To write أ , type the letter a twice very rapidly (within a fraction of a second). The rest of the letters are treated similarly. Write these 9 letters several times (start from right to left): أ پ ض ذ خ ش ة ؤ ى . Notice that Intellark provides a rotary typing mechanism, so pressing Key s for example continuously keeps switching between س and ش. So to write the word مدد , some waiting period (a third of a second for example) is needed between the two presses to produce the second د  instead of simply putting a dot on the first to produce ذ.


 

Exercise 5: Writing using letters in Tables 1 - 2

To write أبي , type: a2by, where a2 means that a is typed twice very rapidly. To write the name خالد , type k2ald . Note by the way that there is no direct phonetic equivalent to the letter خ in English, and that kh is consistently used to approximate the phonetic sound of خ , hence typing k twice displays خ . Write these small sentences.

أبي وأمي
خوخ ومشمش
پـيـتـر من ويـنـيـپـج
رمضان شهر كريم
فاكهة الصيف لذيذة
اللؤلؤ والمرجان من الجواهر


 

Exercise 6: Switching between Arabic and English typing

To switch between typing in Arabic and typing in English, press together the keys Alt-L (L for languages, or لغة) to switch from Arabic to English and back. Try these sentences now.

استخدم ڤولڤو وليس فولفو لكتابة Volvo
تكتب Victoria هكذا: ڤيكتوريا
Vancouver من أكبر مدن كندا

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6. Arabic vowels and their modified forms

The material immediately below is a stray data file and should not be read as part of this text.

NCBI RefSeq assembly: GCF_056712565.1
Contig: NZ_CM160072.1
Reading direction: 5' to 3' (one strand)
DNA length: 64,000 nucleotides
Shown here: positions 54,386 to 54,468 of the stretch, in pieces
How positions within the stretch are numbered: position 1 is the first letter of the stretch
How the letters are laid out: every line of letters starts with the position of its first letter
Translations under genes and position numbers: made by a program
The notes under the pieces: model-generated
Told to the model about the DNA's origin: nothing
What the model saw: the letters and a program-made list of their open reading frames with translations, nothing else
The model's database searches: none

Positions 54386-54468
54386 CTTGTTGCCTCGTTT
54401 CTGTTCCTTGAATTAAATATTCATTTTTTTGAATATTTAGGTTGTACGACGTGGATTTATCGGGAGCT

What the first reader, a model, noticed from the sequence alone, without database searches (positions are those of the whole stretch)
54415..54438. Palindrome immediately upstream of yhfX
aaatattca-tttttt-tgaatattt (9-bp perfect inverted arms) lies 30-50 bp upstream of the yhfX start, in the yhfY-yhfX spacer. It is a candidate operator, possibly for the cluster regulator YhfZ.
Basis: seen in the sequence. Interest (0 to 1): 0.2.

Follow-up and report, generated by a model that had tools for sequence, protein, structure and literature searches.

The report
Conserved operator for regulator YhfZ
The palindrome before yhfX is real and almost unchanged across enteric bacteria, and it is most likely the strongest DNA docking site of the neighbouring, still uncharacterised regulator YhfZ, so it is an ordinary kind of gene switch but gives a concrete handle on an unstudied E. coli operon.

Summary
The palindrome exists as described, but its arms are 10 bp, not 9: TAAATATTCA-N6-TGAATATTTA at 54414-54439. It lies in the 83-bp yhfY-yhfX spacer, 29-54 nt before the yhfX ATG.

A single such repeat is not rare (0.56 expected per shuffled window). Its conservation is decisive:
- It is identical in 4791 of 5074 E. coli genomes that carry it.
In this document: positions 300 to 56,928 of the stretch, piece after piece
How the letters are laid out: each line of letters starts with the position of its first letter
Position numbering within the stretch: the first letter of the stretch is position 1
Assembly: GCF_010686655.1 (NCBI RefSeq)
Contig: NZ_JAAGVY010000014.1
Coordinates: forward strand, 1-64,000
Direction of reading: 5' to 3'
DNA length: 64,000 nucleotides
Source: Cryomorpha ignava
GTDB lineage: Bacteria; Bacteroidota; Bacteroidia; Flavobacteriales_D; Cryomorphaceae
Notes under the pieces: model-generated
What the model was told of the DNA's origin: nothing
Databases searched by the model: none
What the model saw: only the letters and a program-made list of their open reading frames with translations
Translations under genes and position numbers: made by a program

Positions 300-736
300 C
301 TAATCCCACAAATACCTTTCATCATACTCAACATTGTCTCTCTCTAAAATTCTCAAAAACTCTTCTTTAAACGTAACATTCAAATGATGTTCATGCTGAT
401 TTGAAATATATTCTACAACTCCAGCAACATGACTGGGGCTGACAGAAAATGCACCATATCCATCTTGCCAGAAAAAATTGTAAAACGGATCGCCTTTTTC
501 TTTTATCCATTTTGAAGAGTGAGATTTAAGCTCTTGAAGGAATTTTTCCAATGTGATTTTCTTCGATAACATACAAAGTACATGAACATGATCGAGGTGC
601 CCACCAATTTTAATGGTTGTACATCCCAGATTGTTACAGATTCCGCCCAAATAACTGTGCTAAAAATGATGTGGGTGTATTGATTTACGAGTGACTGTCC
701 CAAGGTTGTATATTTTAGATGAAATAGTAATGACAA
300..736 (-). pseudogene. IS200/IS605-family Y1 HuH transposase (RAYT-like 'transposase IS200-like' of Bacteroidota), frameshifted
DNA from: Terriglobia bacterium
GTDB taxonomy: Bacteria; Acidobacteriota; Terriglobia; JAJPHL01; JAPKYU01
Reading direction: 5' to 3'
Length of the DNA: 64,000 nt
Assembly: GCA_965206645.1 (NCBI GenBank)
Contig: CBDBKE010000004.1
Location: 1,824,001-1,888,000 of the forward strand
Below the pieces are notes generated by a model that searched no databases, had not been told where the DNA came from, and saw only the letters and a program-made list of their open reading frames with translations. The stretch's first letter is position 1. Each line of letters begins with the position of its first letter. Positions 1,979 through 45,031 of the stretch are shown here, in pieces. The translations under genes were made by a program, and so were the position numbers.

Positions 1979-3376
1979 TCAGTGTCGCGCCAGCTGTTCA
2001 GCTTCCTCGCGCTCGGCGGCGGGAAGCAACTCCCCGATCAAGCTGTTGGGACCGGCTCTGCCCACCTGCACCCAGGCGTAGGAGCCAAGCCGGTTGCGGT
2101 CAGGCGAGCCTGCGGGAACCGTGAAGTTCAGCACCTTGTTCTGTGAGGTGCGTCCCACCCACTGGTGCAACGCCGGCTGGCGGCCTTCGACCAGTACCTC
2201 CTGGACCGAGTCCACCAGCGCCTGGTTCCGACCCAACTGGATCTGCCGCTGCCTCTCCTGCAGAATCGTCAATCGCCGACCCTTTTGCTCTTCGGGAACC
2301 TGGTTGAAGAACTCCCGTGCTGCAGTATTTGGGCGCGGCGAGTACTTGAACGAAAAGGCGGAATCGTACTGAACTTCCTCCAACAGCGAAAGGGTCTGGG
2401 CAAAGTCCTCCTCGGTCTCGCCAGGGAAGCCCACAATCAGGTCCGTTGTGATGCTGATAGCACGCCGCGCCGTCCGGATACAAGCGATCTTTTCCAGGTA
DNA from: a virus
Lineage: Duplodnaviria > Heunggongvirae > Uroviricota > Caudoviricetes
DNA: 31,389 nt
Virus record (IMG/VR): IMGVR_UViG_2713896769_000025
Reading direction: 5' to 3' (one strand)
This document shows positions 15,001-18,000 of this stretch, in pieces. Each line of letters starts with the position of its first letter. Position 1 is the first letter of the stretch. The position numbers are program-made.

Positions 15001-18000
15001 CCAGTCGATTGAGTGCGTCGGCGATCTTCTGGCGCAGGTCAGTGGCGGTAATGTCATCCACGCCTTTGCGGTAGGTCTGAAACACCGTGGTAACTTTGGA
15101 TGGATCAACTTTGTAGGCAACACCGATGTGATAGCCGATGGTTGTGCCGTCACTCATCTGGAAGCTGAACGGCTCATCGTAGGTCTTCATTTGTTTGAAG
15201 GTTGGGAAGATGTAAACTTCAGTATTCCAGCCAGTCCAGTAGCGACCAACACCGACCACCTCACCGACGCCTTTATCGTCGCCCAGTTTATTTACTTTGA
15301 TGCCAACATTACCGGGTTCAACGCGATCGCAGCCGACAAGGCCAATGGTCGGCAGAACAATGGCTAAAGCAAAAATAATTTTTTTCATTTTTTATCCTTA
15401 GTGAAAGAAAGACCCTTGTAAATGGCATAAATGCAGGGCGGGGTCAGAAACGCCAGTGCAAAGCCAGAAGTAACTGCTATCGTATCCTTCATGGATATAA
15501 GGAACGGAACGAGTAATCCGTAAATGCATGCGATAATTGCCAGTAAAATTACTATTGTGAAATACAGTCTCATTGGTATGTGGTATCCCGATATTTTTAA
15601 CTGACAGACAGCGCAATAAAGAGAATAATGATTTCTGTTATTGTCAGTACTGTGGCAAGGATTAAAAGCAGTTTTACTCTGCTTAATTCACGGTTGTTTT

The Arabic vowels are made up of these three letters: ا و ي . Intellark designates each of these letters as an alias to their modified forms, so ا  is designated as alias to (read from right to left): أ إ آ ء ,  letter و is alias to ؤ , and ي is alias to ى ئ. Table 3 shows the frequency analysis of the vowel letters and their modified forms as counted in the Book of Quran, which contains about 330,709 letters as follows:


Table 3: Frequency count of Arabic vowels and their modified forms in the Book of Quran.

Therefore, the higher the frequency of a letter, the smaller the number of presses to print it. So, to write أ which is less frequent than ا, press the Key a twice rapidly; to write إ , press the Key a three times rapidly. To write ئ , press ي three times in a row. Here we see the mechanics work, but keeping low the number of key presses would definitely be preferred. Intellark introduces the solution in the following section.

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7. Shift key for faster access for characters of low frequency

Suppose we wanted to write the word سماء , what are the keys to be pressed according to what we have learned so far? These would be : smaa5 , right? Try it now. To keep a low number of key presses while typing, Intellark uses the Shift key to access multi-character typing keys in reverse order. So, reading from right to left, if the normal order for the list of key a is ا أ إ آ ء , then the reverse order that’s generated in listing the letters when pressing Shift a (i.e., A) is ء آ إ أ ا , where Shift a  means that Key a is pressed while holding down the Shift key. Note that continuous pressing issues the sequence in a rotary way as in  ء آ إ أ ا ء آ... . So writing the word سماء is achieved faster by the letters smaA. Similarly, writing the word  الآن  is achieved by pressing alA2n, where A2 means pressing Key a twice while holding down the Shift key. More letters may now be added to Table 2 for more complete mappings as shown in Table 4 below.